Tony's wonder year: a look back at 1997

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Imagine you have slept soundly for exactly a year, and today is December 30th, 1997. You have missed a lot. Much has happened, much has changed: you need bringing up to date.

When you fell asleep, the ship of state was on the rocks with a mutinous crew. Those shipwrecked mariners now sit glowering and confused upon the opposition benches, still in shock after 18 years of government, 50 seats short of power.

If you had any doubts about whether New Labour would actually do anything when they won the election, let me set your mind at rest. Tony Blair knew that after his great victory he had only a short time to grab the initiative before the intractability of government fell upon him.

First came the promised Constitution Act, giving some independence to Scotland. The rest of us were bored rigid by this Celtic stuff: only 8 per cent of the population lives in Scotland, after all. One more earnest Dimbleby forum from Edinburgh on the West Lothian question, and the rest of us would gladly have expelled them from the union altogether.

It made us English resentful. What was so special about the Scots? They feel oppressed by Westminster? Well, so do we all, especially Londoners, who live under its very shadow without any self-government.

Blair acted quickly to involve the rest of us. He added in reform of the Lords, abolishing hereditary peers and removing the appointment of life peers by politicians. They are now chosen by the Royal Society, the Royal Academy of Arts, the medical Royal Colleges, the Sports Council and other august bodies of the great and good. There are no bishops nor any representatives of other religions, as the Bill also disestablished the Church.

In truth, though, the arcane debate on the powers of the new second chamber threatened to be as boring as the Celts. So Tony Blair chose the moment to go for proportional representation for the Commons, ensuring we would never risk a Portillo, Howard or Redwood government in future. And probably guaranteeing Labour a second term.

At the same time the Commons was reformed: a commission will reduce the number of MPs by half. They will become a more professional cadre with committees served by a large, expert civil-service staff, also providing impartial information to journalists and others, in the hope of producing better-informed comment.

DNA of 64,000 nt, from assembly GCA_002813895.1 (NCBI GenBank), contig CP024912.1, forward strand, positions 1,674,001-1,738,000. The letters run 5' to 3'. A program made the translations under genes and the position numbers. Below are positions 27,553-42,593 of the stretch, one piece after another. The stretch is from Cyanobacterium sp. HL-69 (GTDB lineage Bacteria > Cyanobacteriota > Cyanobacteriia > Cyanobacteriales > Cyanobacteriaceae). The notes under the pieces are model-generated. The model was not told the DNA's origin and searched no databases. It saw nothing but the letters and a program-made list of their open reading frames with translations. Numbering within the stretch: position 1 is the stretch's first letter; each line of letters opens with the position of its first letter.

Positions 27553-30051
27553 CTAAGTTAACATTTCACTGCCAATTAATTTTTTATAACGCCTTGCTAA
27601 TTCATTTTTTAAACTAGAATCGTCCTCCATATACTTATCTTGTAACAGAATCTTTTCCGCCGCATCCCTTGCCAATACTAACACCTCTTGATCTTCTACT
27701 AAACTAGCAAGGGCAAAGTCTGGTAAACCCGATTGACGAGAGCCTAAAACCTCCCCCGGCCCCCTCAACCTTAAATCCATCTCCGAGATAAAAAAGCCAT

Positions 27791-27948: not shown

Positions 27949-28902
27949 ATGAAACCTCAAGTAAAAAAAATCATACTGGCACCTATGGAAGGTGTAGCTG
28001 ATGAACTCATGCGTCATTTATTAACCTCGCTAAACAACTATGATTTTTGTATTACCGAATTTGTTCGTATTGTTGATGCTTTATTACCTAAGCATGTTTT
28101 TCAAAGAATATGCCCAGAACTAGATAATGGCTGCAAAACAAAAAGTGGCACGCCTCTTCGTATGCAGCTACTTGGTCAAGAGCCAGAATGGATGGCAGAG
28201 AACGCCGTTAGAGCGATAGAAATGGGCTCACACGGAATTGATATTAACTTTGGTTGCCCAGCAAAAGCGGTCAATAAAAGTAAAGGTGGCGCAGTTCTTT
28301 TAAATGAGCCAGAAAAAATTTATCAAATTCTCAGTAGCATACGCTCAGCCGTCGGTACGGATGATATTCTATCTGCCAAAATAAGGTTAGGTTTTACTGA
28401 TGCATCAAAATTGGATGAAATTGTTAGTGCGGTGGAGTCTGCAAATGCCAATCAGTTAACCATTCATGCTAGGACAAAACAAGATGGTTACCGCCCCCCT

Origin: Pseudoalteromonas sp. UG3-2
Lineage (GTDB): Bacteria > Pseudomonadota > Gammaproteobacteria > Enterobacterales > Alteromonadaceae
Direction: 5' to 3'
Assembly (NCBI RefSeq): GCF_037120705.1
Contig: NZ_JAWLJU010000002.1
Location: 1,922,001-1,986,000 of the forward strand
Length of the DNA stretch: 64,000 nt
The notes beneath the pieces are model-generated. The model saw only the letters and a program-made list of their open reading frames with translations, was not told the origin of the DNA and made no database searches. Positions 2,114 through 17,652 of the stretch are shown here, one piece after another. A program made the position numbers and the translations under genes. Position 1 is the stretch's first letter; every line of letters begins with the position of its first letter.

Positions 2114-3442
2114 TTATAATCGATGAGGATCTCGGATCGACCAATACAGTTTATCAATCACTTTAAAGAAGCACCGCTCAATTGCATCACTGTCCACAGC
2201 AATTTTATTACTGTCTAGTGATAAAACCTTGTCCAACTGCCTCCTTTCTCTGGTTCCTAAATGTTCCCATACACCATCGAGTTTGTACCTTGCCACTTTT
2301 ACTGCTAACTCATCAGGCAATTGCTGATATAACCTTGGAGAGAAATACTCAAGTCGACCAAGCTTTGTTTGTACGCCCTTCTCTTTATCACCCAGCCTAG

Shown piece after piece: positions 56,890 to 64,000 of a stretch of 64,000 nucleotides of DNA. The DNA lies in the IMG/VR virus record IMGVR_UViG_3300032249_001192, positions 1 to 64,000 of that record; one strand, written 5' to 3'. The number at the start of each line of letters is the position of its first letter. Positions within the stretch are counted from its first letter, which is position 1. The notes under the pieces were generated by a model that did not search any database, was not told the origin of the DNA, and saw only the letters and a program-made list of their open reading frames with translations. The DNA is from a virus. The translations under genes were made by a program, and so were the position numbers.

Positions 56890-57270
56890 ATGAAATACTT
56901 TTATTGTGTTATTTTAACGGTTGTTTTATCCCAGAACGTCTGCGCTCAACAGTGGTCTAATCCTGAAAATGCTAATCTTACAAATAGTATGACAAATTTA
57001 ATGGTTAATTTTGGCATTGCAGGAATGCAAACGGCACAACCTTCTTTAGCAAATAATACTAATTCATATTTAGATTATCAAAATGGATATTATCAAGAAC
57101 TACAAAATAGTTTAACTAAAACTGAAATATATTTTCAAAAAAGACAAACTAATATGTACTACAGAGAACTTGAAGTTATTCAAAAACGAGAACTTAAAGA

Europe welcomed Blair with warmth and generosity. His path is made easier in negotiations because Britain no longer hurls itself like a spanner into every Euro-machine. Despite the rhetoric, even now, at the eleventh hour, the single currency timetable may slip, as discontent over sharp cuts in pensions and welfare spills out on to the streets of Germany and France.

In the election, Labour made much of the state of the NHS. But nothing has changed, since the structure actually works well. A new independent complaints tribunal has been set up, giving rapid redress to patients, including some compensation, but withdrawing the right of patients to sue. Contraception clinics for the young are now universal so every secondary- school pupil has a nurse or clinic to attend, close by and confidential. Teenage pregnancy rates are already falling.

A Royal Commission on Social Security is about to sweep away the old National Insurance system. There will be no automatic entitlements for any new claimants for sickness, unemployment or pensions: money will only be paid out according to need. Labour dares to be far tougher on workfare schemes (under a new name) doing genuinely useful work, despite trade union objections. The quid pro quo is a raft of well-financed, individualised training and education programmes.